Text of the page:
Benjamin Lord (1694 - 1784) MP

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Birthplace: Old Saybrook, New London County (Present Middlesex County), Connecticut Colony
Death: Died in Norwich, New London County, Connecticut, United States
Managed by: Jason Peter Herbert
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About Benjamin Lord

THE whole church were so united in their approbation of Mr Benjamin Lord who was called to preach on tryal in 1716 that they extended to him a unanimous call to be their pastor with the offer of 100 per annum the use of the parsonage land formerly purchased of Stephen Gifford and wood sufficient for his use to be dropped at his door provided he settle himself without charge to the town He accepted the call and was ordained Nov 20 17 17 He proceeded to settle himself by purchasing the Mason home lot and erecting a house on a site near the present residence of John Sterry At his ordination the Saybrook Platform was distinctly renounced and from this time the relations of pastor and people were most harmonious As Dr Lord writes From a Massah and Meribah a place of Temptation and Strife this in a good measure became a Salem or place of Peace In 1721 1735 and 1740 there were great revivals in the church In 1744 the pastor and the majority of the people voted to adopt the Saybrook Platform and again the church became greatly excited and thirty members one of whom was Deacon Joseph Griswold left the church and formed the order known as Separatists Others joined them and soon they established a distinct church From 1740 to 1772 Dr Lord was a member of the Corporation of Yale College and in 1774 he received the degree of DD He preached his half century sermon on Nov 29 1767 from II Peter 1 12 15 He was then 74 years old In the fifty fourth year of his ministry at his request a colleague was provided in Joseph Howe who however left in 1773 to become the pastor of the New South Church of Boston Another colleague was procured in 1777 Joseph Strong of Coventry Ct In 1778 Dr Lord delivered his sixty first anniversary sermon Both this and his first sermon were published The sermon preached on his sixty fourth anniversary was never printed In his eighty seventh year his eyesight failed but he was still able to write his sermons which his granddaughter Caroline used to read over repeatedly to him so that he was able to deliver them with ease and some of these were considered by many as among the best of all his discourses His mind was clear till the last and though feeble he was still able to appear in the pulpit and occasionally with the help of his colleague conduct the services He preached for the last time on the Thanksgiving subsequent to the restoration of peace to America seemingly by a special Providence gratified in living to such a memorable period which he had often expressed his wish to see He died March 31 1784 in the ninetieth year of his age and the sixty seventh of his ministry His funeral sermon was preached by the Rev James Cogswell of Windham from I Cor 4 1 Mr Cogswell alludes to the beauty of Dr Lord's character in old age when his meekness humility philanthropy and heavenly mindedness were apparently increased and he seemed to Stand with his starry pinions on Drest for the flight and ready to be gone 1 His funeral was attended by a respectable number of his own profession the gentlemen of the Superior Court and their officers together with a large concourse of people of almost every denomination whose very countenance loudly expressed the general loss We learn from his obituary in the Norwich Packet that his talent at expounding the scriptures and representing them in their true analogy was singular The solemn animated and commanding manner of his public address was a distinguished part of his character and exceeded by nothing unless it was that spirit of prayer which on every occasion dwelt upon his lips His first prayer at morning service on the Sabbath occupied the full run of the hour glass at his side How full of interest must this prayer have been to that part of the congregation which came from the outlying districts for in it was condensed all the news of the week public and town events deaths accidents and storms In war time his supplications and thanksgivings were so particular and specific as to give the congregation the best information that had been received of the progress of affairs Notes were sent up to the pulpit not only in cases of sickness and death but by persons departing on a journey or voyage and also on returning from the same It is said that a petition was once sent up to the pulpit for public prayer in behalf of a man gone going or about to go to Boston According to the testimony of the Rev Joseph Strong Dr Lord was assiduous in visiting the sick and afflicted a Barnabas to the dejected and feebleminded and very skillful in discriminating characters and making proper applications and giving suitable advice in soul troubles Dr Lord was small in stature and in his old age his figure was bent yet his face was said to have been attractive and pleasing He had bright keen blue eyes and was very neat and careful in his dress He wore an imposing white wig and silver buckles at his knees and on his shoes A portrait of him is still extant in the possession of his gr gr grandson John Bliss of Brooklyn LI which represents him with hand raised as if in the act of preaching Of his wig this tale is told how John Rogers the founder of the sect of Rogerenes who regarded it as his duty to inveigh against the clergy and especially the observance of the Sabbath followed Dr Lord to church one day using abusive and insulting language and when Dr Lord arrived at the church door and taking off his hat disclosed his carefully adjusted wig Rogers exclaimed Benjamin Benjamin Dost thou think that they wear white wigs in heaven Though Dr Lord lived to be so old he was far from strong and suffered all his life from pain and disease His first wife the daughter of Rev Edward Taylor of Westfield was also a great invalid They were married for twenty eight years and during sixteen of these she was confined to her bed and for eight years of that time unable to feed herself Yet with all these trials Dr Lord was still able to attend to all his church duties and in addition to his long weekly sermons to prepare for publication eighteen pamphlets or sermons preached on special occasions On his eighty first birthday he writes in his diary It is a wonder to many and especially to myself that there are any remains of the man and the minister at this advanced age and that I am still able to preach with acceptance to my numerous assembly It is much that I have survived two former climacterics in which many have died and ministers not a few and still more that I have lived to this greater climacteric nine times nine But the climax is at hand the certain crisis Death has not gone by me not to come upon me On his eighty third birthday he alludes to his being the oldest preaching minister in the State yet considers himself but a babe and dwarf in religion in proportion to its high demands On the eighty fifth anniversary of his birth he writes Oh my soul hast thou on the garment of salvation both inherent and imported righteousness the one to qualify for heaven the other to give the title Art thou the subject of that effectual calling which is both the fruit and proof or evidence of election His tombstone in the old burying ground bears the following inscription In memory of the Rev Benj Lord DD Blessed with good natural abilities improved from a liberal Education and refined by Grace he early dedicated himself to the sacred office tho incumbered through life with much bodily infirmity he executed the social duties of his charge in a manner which was acceptable and usefull In 17 14 he had conferred upon him the highest honors of Yale College after having been the faithfull Pastor of the 1st Ch of Ch in Norwich for 67 years he departed this life March 31st 1784 JE 90 tho now unconscious in Death may the living hear or seem to hear from him the following address Think Christians think You stand on vast Eternity's dread brink Faith and Repentance Piety and Prayer Despise this world the next be all your care Thus while my Tomb the solemn silence breaks And to the eye this cold dumb marble speaks Tho dead I preach if e en with ill success Living I strove th important truths to press Your precious your immortal souls to save Hear me at least O hear me from my Grave As we turn from this inscription to the portrait where the hand is raised as if in admonition we can still hear or seem to hear the old pastor with his slow impressive manner preaching to the people of whom he said I have lived in their hearts and they in mine The marble slab with its conventional grotesque cherub's head carving has been removed from this tombstone and ground to powder within the last two years The Hon John T Wait gives this little anecdote to show that the good parson did not entirely despise the things of this world He was invited out to dine on a Thanksgiving day at the house of one of his deacons who was troubled with a slight impediment of speech Beginning to hesitate in his blessing which was rather lengthy Dr Lord at once turned his plate over and said Deacon this is no time to hesitate when the turkey is cooling Ann Taylor b 1697 the first wife of the Rev Benj Lord was the daughter of Rev Edward Taylor of Westfield and his second wife Ruth Wyllis Through her mother she was descended from two Connecticut governors Gov John Haynes and Gov George Wyllis The second wife of Dr Lord was Elizabeth widow of Henry Tisdale of Newport RI who died in New York shortly after her marriage His third wife was Abigail Hooker possibly daughter of Nathaniel and Mary Standley Hooker and great granddaughter of Rev Thomas Hooker She died in 1792 aged 86 It will be interesting to know how a minister's wife attired herself a little more than 100 years ago so here are a few items of Abigail's inventory For gowns she had among others a brown damask a green tabby and a black taffety a grogram and a black padusoy and a green full suit and a reddish colored silvereth She had 26 aprons in all among which were 12 Holland aprons and one of black silk of cloaks to choose from she had one of black satin one small black padusay and one black velvet fringed cloak She had also a flowered gauze shade a crimson cloth riding hood trimmed with red two lutestring hoods with gauze a velvet hood with lace a black silk bonnet and a gauze scarf besides 23 caps Then she had fans of black gauze of paper ivory and bone six silvered girdles gloves of black silk leather and white leather and white mitts red and blue silk stockings silk clogs three strings of gold beads and a pair of stays In his will the Rev Benjamin Lord gives to his widow the use of the house for life and he then divides the house and home lot frontage 8 rods 4 links between his sons Benjamin and Ebenezer the west half to the former the east part to the latter The east end of the former Mason lot where the new school house now stands with a frontage of 17 rods on the highway to the river and of 4 rods 4 links on the Green is given to his daughter Elizabeth The west part where the Sterry house now stands had been sold to Nathaniel Lathrop Benjamin Lord and dies in 1787 He was a farmer and lived at that time on Plain Hills Ebenezer Lord died in 1800 and his son Ebenezer then occupied the house Lucy Lord Avery widow of Richard Avery and daughter of Benjamin Lord and resided here in 1825 She married in 1826 Capt Erastus Perkins In 1830 the Lord heirs sell the property to William Cleveland grandfather of President Grover Cleveland He builds a shop east of the house where he carries on the business of a goldsmith until his death in 1837 The house remained in the possession of his heirs though occupied at times by other tenants until 1852 when it was burnt to the ground In the old drawing of the Green we have a picture of this house and shop Joseph Howe the young colleague provided at Dr Lord's request in 1772 was born in Killingly Ct in 1747 He was the son of the Rev Perley and Damaris Cady Howe of Killingly He graduated at Yale College in 1765 for a while had charge of the public school in Hartford and was afterward a tutor at Yale until 1772 In that year he was called to Norwich and preached alternately with Dr Lord for a part of 1772 and 1773 While at Yale we learn from Sprague's Annals of the American Pulpit that he was distinguished for his literary accomplishments and especially for his remarkable powers of elocution not less than for his fine moral and social qualities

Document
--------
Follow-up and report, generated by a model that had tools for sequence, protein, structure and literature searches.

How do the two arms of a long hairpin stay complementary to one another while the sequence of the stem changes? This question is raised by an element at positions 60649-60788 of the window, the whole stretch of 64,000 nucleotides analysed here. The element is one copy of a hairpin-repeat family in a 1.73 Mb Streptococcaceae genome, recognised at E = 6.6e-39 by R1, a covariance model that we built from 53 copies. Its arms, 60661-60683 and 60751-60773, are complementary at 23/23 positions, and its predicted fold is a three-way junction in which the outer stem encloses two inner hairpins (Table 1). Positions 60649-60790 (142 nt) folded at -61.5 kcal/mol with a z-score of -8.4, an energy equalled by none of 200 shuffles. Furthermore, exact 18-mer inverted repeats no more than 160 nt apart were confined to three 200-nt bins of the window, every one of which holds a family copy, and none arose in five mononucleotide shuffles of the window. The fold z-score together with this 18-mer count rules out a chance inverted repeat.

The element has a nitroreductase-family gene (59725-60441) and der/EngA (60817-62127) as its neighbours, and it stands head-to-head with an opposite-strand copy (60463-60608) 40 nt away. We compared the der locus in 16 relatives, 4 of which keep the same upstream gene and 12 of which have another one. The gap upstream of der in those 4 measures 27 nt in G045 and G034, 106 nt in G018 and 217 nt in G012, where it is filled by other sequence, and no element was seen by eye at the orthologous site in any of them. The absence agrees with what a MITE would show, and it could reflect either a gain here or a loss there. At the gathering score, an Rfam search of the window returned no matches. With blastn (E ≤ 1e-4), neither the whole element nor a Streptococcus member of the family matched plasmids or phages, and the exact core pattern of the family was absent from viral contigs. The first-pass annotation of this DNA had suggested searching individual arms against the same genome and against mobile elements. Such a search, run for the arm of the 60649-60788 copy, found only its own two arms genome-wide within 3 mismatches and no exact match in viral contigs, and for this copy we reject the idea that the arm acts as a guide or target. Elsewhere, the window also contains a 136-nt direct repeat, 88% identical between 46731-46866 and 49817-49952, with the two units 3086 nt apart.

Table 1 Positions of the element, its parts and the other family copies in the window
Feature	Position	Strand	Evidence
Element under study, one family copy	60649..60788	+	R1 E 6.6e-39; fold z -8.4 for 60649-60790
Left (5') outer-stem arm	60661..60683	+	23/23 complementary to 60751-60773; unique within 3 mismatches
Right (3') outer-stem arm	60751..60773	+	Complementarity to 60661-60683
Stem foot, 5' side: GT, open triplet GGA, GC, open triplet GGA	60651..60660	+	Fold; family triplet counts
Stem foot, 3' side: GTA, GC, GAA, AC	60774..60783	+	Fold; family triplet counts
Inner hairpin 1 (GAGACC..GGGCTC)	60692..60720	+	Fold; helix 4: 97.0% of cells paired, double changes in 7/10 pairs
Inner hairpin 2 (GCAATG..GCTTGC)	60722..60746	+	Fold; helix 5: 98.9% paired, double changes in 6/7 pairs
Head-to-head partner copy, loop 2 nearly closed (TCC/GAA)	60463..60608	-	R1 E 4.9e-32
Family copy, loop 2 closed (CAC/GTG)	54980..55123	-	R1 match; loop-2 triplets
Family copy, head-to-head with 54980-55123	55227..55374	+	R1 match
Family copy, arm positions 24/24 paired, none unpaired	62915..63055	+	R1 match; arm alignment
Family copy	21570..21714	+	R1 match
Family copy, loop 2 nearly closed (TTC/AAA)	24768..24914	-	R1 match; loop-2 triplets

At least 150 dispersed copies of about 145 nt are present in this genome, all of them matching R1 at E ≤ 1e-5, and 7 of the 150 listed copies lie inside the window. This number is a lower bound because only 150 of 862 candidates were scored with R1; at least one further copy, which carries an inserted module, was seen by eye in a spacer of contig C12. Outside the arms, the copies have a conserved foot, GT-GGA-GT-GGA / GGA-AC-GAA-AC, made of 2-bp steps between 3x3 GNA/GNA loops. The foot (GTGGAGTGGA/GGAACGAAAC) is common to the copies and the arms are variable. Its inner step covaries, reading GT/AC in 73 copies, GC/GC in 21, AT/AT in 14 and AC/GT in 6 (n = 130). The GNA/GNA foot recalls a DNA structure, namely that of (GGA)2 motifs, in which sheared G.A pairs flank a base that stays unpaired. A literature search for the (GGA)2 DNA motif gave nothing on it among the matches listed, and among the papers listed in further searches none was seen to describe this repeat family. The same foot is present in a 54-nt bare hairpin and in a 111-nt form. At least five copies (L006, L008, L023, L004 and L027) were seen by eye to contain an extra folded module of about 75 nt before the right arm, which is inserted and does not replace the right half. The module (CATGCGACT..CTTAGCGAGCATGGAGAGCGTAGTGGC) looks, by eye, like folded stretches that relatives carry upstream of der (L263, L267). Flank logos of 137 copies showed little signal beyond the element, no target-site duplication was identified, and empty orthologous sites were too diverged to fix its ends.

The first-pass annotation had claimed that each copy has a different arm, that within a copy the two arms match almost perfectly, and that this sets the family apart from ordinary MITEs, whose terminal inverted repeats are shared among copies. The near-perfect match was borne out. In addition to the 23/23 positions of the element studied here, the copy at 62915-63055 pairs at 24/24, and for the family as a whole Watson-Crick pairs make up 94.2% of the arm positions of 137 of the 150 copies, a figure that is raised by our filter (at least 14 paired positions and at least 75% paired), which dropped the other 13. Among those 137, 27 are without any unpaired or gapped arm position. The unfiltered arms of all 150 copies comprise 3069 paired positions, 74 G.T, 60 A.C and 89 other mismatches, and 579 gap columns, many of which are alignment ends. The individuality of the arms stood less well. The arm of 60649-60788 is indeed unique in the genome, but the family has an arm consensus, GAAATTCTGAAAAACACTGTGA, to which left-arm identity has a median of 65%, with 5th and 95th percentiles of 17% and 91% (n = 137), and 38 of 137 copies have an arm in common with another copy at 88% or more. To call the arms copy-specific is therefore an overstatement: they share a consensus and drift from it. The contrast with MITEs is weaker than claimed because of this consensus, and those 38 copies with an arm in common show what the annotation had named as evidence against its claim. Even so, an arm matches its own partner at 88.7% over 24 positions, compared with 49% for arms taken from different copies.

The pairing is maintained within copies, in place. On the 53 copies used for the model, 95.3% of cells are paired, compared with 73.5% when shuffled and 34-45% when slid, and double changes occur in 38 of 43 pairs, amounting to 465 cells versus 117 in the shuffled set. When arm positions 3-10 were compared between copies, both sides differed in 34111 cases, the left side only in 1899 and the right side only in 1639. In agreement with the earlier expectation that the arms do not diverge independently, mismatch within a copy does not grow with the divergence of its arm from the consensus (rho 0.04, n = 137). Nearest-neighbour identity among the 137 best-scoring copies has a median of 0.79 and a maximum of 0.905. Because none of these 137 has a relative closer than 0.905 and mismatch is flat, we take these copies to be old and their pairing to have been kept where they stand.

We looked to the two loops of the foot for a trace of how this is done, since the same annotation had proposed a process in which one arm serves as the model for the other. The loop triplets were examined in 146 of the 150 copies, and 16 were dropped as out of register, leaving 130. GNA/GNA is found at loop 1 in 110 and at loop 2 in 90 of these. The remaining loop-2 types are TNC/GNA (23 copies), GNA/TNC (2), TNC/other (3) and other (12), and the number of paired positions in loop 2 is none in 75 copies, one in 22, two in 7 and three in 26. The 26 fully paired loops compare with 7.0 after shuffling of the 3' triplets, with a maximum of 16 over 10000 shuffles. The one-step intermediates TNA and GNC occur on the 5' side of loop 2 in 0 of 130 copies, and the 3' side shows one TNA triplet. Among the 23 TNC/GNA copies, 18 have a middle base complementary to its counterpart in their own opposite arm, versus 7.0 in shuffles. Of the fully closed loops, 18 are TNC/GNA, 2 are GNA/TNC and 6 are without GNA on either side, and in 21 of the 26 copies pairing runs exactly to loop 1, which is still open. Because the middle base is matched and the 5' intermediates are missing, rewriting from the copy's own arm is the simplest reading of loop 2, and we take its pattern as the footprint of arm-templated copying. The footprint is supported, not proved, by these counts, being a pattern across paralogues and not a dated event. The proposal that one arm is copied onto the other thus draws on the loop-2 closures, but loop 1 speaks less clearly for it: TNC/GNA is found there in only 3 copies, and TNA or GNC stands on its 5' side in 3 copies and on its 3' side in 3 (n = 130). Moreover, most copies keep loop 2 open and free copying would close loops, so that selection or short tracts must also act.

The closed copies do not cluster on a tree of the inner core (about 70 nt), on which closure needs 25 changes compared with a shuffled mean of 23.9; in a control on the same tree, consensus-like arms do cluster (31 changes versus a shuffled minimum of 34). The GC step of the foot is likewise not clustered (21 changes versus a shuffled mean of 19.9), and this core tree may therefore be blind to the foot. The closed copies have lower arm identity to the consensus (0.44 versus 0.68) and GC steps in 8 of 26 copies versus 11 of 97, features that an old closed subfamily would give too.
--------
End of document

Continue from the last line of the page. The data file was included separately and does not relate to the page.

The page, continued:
source: Old Houses of the Antient Town of Norwich [Conn.] 1660-1800

By Mary Elizabeth Perkins
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Rev. Dr. Benjamin Lord's Timeline

1694
May 31, 1694
Old Saybrook, New London County (Present Middlesex County), Connecticut Colony
1714
1714
Age 19
Yale
1750
November 21, 1750
Age 56
Newport, Newport, RI
1784
March 31, 1784
Age 89
Norwich, New London County, Connecticut, United States